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Soccer Saves

Cliff McCrath won 597 games as a college head coach. Now he's out to save the world, one child at a time —
and he needs your help

In his 38 years at the helm of the Seattle Pacific University men's soccer program, Cliff McCrath enjoyed certain advantages. Among them were a program that won five NCAA Division II titles and an area rich in talent to keep it rolling.

But when it was time to start a different chapter, McCrath wanted to focus on those who didn't have advantages.

With that in mind, the man with 597 coaching victories over 49 years, and who now is in the National Soccer Coaches Association of America Hall of Fame, teamed up with Frank Schott, a former Microsoft executive whose has a passion for humanitarian causes.

From there, Soccer Saves took root, officially coming to life earlier this year.

"It has been kind of cooking for several years," said McCrath, 73, whose many contributions to Washington Youth Soccer were recognized when the cup awarded to the winner of the U19 Boys State Championships was renamed the Cliff McCrath Cup in 2008. "Frank came to our adult soccer camp at Camp Casey a few years ago. After one of the sessions, he said, 'When you're finished doing this and would like to do something really big, give me a call.' "

After McCrath left Seattle Pacific in 2008, he did connect with Schott, who has made numerous humanitarian journeys to Africa. Among Schott's work there is directing global programs for Net Hope, an organization that works with other humanitarian groups bringing technology to and solving technology problems in the developing world.

"We started meeting once every week or so," McCrath said. "He laid this out and said, 'Here are some opportunities.'

"He got my attention."

The idea here isn't to create soccer players. Rather, the organization's stated goal is to use sports — soccer in particular — to encourage better, healthier lifestyles, discourage gender violence, especially among boys ages 12-18 in the developing world, and try to cut down HIV/AIDS cases.

"It became very clear that children from (age) 0 to 6 and 6 to 12 are pretty simple to handle — nutrition, diapers, milk, inoculation (depending on the age)," McCrath said. "But by the time they hit 13, even their own governments don't care about them. Our whole program is aimed at capturing these people through soccer."

Soccer Saves (www.soccersaves.org) isn't having to go it alone. It is partnering with Save the Children, which operates in more than 30 countries in Africa and in more than 100 around the world. The Seattle Sounders and the Northwest Soccer Fund also have become prime partners.

All have embraced the Soccer Saves message. And soccer is a particularly timely way to spread it on the African continent. South Africa is hosting the 2010 World Cup.

"If you put up a sign or send out a message saying, 'Hey, we'll meet on Friday night in KeyArena to talk about nutrition and other things,' we'll be talking to ourselves," McCrath said. "But if you throw out a soccer ball, they come from all over the place."

This past spring, Soccer Saves and Save the Children started a program in Ethiopia. Part of the time, McCrath and the others on the trip talked soccer and coaching techniques.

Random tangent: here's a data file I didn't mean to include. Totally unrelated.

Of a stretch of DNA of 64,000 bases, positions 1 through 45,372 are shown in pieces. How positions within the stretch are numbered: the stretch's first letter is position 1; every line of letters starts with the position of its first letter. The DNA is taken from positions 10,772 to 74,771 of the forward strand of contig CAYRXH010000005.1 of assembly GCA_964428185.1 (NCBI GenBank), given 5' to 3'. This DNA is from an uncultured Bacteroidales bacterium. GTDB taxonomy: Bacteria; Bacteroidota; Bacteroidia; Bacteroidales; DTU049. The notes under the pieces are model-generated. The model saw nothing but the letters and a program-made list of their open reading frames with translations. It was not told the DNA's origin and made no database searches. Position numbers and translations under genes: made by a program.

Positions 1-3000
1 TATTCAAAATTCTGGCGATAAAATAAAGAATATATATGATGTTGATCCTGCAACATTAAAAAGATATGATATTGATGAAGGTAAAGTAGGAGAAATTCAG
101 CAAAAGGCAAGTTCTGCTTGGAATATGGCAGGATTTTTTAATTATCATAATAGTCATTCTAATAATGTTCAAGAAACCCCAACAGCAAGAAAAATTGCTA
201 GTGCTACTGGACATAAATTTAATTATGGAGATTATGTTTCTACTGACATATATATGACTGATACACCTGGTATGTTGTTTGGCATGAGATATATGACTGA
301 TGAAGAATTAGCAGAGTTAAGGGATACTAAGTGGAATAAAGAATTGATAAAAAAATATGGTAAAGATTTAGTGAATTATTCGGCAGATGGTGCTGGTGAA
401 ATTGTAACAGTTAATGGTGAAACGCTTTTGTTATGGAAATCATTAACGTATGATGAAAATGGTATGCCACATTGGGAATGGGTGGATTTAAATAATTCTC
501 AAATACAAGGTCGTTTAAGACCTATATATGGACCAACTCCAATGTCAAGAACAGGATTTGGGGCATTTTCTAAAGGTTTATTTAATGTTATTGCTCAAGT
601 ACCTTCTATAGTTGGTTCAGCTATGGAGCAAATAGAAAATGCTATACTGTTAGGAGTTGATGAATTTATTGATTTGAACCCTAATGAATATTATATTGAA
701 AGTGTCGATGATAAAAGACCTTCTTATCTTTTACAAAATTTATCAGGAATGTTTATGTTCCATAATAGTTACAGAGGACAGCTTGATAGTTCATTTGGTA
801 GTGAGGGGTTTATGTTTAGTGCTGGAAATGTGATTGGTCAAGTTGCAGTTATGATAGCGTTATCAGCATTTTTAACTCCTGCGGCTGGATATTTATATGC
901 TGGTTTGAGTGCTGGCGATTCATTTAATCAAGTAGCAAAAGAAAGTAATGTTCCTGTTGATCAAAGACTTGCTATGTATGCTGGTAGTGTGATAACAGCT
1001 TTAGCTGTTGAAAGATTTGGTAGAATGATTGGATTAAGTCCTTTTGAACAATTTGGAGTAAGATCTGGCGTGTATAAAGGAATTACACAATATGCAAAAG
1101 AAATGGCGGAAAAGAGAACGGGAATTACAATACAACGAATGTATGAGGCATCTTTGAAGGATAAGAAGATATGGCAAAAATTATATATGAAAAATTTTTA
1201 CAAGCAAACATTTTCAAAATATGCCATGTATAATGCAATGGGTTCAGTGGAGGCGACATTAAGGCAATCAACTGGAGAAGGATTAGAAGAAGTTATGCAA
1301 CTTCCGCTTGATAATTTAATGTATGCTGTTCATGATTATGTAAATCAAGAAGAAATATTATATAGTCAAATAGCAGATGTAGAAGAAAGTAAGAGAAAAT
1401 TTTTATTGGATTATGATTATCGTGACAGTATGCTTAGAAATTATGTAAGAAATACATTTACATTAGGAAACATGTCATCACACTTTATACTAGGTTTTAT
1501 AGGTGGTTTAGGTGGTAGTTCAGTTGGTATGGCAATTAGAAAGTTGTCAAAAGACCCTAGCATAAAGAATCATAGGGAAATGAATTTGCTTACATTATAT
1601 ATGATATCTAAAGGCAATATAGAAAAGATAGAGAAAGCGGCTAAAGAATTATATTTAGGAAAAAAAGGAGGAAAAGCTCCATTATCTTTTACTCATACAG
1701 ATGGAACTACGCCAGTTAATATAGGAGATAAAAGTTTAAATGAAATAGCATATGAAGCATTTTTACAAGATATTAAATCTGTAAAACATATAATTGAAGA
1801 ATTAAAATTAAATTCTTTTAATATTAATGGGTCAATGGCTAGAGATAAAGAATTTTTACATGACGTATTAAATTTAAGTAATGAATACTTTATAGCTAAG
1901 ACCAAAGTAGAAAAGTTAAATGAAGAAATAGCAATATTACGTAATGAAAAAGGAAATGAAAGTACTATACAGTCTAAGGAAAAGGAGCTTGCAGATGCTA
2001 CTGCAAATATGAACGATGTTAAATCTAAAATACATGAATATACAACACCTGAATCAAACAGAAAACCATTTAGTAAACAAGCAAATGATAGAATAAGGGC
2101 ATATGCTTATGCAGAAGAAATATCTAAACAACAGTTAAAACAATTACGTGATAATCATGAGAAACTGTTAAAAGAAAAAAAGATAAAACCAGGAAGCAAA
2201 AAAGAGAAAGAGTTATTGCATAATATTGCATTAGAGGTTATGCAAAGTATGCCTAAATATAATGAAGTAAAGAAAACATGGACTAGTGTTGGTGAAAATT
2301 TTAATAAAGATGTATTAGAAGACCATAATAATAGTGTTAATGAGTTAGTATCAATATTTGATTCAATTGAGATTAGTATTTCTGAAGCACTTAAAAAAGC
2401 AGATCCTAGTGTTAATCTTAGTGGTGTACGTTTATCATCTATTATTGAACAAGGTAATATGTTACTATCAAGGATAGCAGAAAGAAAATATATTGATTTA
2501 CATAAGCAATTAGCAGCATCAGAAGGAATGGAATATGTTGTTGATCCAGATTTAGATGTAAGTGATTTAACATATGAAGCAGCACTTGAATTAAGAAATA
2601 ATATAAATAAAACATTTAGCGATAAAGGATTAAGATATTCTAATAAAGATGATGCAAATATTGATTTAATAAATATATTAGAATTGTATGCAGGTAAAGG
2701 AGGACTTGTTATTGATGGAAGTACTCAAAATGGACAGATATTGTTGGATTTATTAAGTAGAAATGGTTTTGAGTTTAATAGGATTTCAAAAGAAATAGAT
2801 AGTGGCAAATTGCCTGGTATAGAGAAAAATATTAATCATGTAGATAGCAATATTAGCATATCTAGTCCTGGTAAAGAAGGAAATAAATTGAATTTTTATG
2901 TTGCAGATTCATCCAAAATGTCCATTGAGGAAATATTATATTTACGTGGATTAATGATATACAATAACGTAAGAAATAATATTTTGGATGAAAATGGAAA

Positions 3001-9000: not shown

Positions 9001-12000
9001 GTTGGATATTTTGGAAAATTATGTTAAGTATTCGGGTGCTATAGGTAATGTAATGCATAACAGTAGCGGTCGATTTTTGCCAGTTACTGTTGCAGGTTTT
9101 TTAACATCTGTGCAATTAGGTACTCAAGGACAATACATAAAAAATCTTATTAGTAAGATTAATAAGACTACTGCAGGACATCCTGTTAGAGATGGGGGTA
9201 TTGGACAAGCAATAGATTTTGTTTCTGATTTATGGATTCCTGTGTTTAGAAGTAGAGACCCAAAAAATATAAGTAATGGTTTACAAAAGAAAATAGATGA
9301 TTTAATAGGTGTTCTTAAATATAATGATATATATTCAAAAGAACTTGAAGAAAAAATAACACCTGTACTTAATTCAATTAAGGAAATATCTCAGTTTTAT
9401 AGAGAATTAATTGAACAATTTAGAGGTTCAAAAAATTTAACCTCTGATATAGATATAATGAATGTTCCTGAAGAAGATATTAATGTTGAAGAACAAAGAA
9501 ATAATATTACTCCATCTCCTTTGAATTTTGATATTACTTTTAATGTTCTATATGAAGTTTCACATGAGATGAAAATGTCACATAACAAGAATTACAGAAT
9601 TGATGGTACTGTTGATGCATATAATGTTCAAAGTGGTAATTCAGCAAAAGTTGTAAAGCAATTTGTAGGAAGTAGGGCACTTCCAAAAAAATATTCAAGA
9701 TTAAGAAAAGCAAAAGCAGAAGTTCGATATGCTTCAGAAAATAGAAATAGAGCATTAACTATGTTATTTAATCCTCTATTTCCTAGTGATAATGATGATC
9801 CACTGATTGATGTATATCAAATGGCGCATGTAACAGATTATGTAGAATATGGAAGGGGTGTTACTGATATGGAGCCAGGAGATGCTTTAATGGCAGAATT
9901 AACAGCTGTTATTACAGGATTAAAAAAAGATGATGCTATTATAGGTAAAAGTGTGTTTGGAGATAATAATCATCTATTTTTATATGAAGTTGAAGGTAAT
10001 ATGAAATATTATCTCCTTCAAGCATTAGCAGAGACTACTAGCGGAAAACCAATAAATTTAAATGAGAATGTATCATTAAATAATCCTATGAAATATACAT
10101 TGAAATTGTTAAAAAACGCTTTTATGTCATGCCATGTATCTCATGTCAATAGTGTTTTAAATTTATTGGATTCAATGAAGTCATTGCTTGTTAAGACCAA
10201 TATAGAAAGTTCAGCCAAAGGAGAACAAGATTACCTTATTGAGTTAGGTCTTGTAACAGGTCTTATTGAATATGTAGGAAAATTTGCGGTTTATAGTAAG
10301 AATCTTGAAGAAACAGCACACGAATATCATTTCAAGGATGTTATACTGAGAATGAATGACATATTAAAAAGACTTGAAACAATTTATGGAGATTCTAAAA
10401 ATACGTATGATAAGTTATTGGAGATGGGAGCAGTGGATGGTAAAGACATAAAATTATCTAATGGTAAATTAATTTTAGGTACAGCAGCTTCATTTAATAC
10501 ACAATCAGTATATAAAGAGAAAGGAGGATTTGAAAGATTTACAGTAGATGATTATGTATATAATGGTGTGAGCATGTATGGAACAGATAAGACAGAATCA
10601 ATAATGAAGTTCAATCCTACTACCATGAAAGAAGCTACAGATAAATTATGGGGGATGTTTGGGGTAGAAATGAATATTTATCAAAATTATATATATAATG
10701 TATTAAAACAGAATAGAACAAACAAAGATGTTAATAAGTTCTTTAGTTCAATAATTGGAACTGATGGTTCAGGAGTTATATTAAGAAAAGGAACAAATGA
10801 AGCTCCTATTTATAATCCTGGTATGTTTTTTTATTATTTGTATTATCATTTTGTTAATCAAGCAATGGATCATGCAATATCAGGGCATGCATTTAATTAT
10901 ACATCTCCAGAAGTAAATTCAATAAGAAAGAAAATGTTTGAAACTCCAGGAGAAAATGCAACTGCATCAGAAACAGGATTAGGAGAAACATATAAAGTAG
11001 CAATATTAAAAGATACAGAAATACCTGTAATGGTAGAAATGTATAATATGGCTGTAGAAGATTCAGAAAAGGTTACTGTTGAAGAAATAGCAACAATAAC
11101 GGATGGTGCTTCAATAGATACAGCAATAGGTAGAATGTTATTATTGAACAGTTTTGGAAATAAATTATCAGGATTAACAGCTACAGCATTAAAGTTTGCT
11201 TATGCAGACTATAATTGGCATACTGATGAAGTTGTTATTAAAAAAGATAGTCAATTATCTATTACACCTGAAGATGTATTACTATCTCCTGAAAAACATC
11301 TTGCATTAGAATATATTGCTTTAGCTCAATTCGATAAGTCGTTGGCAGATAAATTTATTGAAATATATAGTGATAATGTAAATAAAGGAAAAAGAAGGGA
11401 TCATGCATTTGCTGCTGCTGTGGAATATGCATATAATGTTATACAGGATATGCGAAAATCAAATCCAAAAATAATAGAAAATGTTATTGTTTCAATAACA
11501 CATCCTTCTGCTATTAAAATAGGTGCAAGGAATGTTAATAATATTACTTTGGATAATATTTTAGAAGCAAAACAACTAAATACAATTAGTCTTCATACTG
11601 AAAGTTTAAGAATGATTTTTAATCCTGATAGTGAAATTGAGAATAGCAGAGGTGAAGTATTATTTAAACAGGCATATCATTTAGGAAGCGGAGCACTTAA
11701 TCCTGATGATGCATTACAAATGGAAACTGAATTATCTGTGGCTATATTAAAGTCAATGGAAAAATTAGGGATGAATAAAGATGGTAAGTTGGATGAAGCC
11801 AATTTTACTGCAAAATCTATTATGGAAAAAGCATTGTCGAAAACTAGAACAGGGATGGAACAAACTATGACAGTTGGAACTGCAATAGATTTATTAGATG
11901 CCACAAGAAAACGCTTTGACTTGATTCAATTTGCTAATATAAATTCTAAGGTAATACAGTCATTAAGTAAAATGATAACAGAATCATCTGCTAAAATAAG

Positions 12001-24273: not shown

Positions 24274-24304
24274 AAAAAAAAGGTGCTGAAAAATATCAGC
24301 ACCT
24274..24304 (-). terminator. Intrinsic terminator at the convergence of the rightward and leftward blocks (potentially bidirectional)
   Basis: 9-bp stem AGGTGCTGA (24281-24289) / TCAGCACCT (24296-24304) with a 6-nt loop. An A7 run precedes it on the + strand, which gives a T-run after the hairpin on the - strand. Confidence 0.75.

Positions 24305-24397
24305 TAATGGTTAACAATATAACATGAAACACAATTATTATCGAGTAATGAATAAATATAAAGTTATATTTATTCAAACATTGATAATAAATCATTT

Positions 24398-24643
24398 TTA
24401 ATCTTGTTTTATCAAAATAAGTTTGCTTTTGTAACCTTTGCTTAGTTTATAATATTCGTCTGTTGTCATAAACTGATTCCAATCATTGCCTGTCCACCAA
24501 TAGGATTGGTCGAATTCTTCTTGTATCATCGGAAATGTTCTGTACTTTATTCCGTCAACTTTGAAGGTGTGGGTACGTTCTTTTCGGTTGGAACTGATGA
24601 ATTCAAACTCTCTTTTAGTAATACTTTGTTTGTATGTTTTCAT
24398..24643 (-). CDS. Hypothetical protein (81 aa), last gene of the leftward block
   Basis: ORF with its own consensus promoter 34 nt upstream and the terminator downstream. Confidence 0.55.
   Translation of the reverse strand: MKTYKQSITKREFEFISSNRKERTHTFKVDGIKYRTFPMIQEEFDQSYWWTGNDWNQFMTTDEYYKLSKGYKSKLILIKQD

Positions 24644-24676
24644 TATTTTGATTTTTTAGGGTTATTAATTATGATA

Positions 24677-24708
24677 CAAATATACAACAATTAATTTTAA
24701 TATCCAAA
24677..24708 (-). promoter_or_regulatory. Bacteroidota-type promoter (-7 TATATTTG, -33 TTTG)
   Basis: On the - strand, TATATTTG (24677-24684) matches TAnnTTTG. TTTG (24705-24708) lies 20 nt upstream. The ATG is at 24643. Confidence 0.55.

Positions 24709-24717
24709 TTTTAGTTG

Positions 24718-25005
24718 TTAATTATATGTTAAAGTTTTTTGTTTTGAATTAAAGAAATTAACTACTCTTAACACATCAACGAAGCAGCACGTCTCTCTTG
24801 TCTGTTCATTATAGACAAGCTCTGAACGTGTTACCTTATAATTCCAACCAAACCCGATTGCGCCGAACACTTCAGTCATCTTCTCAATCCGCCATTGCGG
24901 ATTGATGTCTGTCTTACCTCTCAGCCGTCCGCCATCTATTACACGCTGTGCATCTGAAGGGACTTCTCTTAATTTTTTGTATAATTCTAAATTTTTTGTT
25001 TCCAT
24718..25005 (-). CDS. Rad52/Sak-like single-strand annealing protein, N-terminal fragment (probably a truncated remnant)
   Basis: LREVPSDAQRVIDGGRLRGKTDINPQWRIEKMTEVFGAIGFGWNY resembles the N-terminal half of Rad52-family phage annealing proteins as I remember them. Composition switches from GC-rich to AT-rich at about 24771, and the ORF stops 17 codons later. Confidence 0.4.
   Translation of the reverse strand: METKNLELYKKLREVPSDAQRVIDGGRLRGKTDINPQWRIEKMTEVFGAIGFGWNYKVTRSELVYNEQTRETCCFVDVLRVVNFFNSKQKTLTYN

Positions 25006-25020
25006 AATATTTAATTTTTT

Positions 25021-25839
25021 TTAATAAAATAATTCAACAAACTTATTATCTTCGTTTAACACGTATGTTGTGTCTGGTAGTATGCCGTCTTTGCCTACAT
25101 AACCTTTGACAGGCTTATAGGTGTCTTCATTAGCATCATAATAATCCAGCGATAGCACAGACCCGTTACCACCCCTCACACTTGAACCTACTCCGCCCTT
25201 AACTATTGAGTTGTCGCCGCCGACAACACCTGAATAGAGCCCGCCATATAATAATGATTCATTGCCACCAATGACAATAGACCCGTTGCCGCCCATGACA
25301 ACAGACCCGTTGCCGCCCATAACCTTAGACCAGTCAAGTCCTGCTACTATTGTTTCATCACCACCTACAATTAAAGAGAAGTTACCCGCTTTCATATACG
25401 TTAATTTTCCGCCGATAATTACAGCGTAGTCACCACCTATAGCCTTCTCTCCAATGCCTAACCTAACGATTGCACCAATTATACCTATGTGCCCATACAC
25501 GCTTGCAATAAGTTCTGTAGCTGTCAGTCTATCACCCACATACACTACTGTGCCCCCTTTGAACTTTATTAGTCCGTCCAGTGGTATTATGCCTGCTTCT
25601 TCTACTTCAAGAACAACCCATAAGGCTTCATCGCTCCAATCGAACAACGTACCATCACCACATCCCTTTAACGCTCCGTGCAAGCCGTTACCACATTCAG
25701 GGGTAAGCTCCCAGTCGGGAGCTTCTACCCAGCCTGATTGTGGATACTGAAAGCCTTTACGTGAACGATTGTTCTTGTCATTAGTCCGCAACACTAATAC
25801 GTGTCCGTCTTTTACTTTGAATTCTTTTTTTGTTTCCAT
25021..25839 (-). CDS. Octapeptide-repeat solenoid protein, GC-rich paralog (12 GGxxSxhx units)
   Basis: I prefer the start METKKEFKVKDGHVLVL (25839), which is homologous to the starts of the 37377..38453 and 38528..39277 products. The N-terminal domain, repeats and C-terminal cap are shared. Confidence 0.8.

The rest of the time, the focus was on lifestyle messages.

"We had 32 coaches and hundreds of kids," McCrath said. "By the second day, it was like the pied piper. We came in Save the Children SUVs, and by the time we got down 150 meters of pot-holed road and got to the field, there were literally hundreds of people there.

"Every day for six or seven straight days, it was like Santa Claus was coming to town."

MULTIPYING THE MESSAGE

Many humanitarian organizations, whether by design or happenstance, wind up with a particular branch that ultimately becomes the best ambassador for whatever message it is trying to deliver.

 

For Soccer Saves, that branch could wind up being its Youth2Youth initiative. According to the Soccer Saves Web site Web site, Youth2Youth "has one outrageously ambitious goal: to connect every one of the three million-plus youth soccer players in North America to teenagers in Africa that simply want an opportunity for a happier, healthier life."

"What we're really looking for is how we can get this multiplied — one gets two, two get four, four get eight," McCrath said.

Already this year, Soccer Saves has been part of a VIP event during July's Sounders-Chelsea exhibition game that drew more than 66,000 fans to Qwest Field. It has hosted a golf tournament at Newcastle. And it has had a benefit roast featuring McCrath.

But resting on laurels isn't an option.

"We've found it to be very gratifying and a very productive launch," McCrath said. "Obviously, we've had some typical start-up problems, one of which is money. You have to have it to do what we do."

Anyone can help just by visiting the Soccer Saves Web site (www.soccersaves.org) to see what projects and initiatives are in the pipeline.

"We have a doctor who wants to take six months off and use his ability to see what he can do," McCrath said. "We have a dentist who has been to Africa a few times and wants to come out. As projects surface and as we get more and more structure, people can log in to what they would like to do.

"It's just building a core right now."

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